Social Entrepreneurship - Street Scholarship

Definition of Social Entrepreneurship

1. Creating something new in social or human services (i.e. youth quilting group or community garden).

2. Generating sustainable revenue that strengthens communities (i.e. selling the quilts or vegetables) – the more important movement.


1. Motivation/vision

2. Startup

3. Organization-building

What you should do – Do-it-yourself guide to social entrepreneurship

  1. Do LEAP ( or AmeriCorps ( 
    1. Desegregate – challenge-by-choice, find a multiracial, multi-class neighborhood where you can safely live and work. 
    2. Get involved with civic affairs
    3. Add economic value wherever you go; find community based organizations and businesses to support, work for, volunteer for, and help build – GET BIG!
    4. Wear out some work boots, work gloves, and a Home Depot card doing physical service in your neighborhood (Chad Pregracke).
    5. Give yourself a Street Scholarship in community building and social entrepreneurship.

Social Entrepreneurship on One Page – So You’ve Got an Idea for A Community-Building Organization

  1. Research & Mapping – read, read, read then write, write, write
    1. What else is out there in your community?  Locally, are you duplicating efforts?  Overlapping with other agencies?  Nestling nicely in a niche that can be complementary to an existing agency?  Should you be a program of an existing or larger organization (yes is a good start here)?
    2. What else is out there elsewhere?  Are there other org’s in your state that do the same or similar things that you are proposing?  Is there a national model you want to emulate?  Is there an international equivalent (i.e. if you are interested in micro-business, what parallels are there in international programs?
    3. What potential partnerships exist? Can you find an org that will provide office space (a local college or church)?  A fiduciary host? (know what this means)  Can you make deals with org’s working in the same communities or with the same clients?  As you discover others in the game and potential partners, develop a visual map (i.e. a word web) identifying the connections and relationships that your organization will have with each of them.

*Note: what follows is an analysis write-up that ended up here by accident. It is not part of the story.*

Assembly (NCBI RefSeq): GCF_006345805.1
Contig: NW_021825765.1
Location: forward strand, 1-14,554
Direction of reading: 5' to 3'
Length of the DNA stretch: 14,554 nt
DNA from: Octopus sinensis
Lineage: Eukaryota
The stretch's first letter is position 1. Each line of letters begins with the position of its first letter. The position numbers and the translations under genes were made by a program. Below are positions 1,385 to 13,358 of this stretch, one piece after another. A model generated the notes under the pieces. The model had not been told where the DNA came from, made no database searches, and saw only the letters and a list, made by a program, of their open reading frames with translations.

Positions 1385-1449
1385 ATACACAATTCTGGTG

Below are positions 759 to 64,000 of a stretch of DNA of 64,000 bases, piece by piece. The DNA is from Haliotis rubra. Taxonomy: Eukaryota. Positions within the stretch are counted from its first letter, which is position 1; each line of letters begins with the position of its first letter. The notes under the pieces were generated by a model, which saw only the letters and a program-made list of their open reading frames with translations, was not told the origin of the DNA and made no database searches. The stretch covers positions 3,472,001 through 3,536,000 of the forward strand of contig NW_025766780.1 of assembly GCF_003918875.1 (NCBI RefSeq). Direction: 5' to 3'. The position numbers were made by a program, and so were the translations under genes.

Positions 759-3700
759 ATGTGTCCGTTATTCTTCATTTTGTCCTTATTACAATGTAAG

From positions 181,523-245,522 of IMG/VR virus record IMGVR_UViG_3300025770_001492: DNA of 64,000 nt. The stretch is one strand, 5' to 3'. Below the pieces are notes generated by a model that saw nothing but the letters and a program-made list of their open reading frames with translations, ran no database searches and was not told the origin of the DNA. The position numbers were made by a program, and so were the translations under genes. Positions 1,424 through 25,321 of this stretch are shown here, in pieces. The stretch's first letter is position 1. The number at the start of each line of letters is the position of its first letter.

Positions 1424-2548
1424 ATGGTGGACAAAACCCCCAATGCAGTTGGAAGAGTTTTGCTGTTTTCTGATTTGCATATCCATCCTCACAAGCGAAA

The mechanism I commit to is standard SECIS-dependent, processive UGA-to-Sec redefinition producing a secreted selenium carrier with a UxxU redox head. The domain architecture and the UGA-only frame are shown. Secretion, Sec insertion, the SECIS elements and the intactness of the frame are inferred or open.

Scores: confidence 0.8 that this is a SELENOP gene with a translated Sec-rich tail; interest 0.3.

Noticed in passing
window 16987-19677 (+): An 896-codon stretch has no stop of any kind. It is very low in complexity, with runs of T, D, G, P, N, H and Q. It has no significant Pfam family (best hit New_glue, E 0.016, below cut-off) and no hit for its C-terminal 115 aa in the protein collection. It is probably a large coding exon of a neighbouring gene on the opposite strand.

4. How will you pay the bills?  What are the different potential revenue streams for your venture?  What grant possibilities are there?  Government contracts? Who can you think of that will give you money to get this thing off the ground (make a list)?  How long does it take for funding to come down the pike once your grant is approved (you have to build cash flow into your operating model)?
      1. Good starting places:, The Foundation Center.
    5. What licenses and credentials will you need to get started?  What insurance, and at what cost (keep your driving record and credit record clean because for the first two years, your org’s ability to get credit and vehicle insurance will be dependent on your own personal data)?  Will you incorporate and apply for 501(c)(3) status or find a fiduciary (start with the latter)?
  2. Networking – talk, talk, talk
    1. Get Big – Business Cards, letterhead, website, phone answering machine, mailing address (P.O. Box), checking account, health care at or through your parents if you’re <23; 1 page fact sheet & 3-page position paper.
    2. Get the Word out – Make a list of 50 people to talk to about your idea: mentors, parents, friends, people in the field – and ask them what they think and what else you should do to get going.
      1. At the end of each conversation, ask who else you can talk to and whether you can use this person as a referral in opening new doors
      2. Build your Board of Directors or Board of Advisors (if you’re not yet official or incorporated) by asking people to serve.
  3. Business Planning – plan, plan, plan – you must write a business plan
    1. Find a local resource to help with information and/or advice (i.e. City Business Development office, Small Business Resource Center, Chamber of Commerce, business school, community college).
    2. Use the library for books that provide guidance.
    3. Basic Outline: Executive Summary, Operations Plan (what will you do and how will it work?), Marketing Plan (How will you get the word out, and how will you distinguish from other org’s and services?), Budget and Financial Plan (use spreadsheets, include fundraising strategy), appendices (fiduciary or 501(c)(3) status, bylaws, Board of Directors, resumes, funding commitments).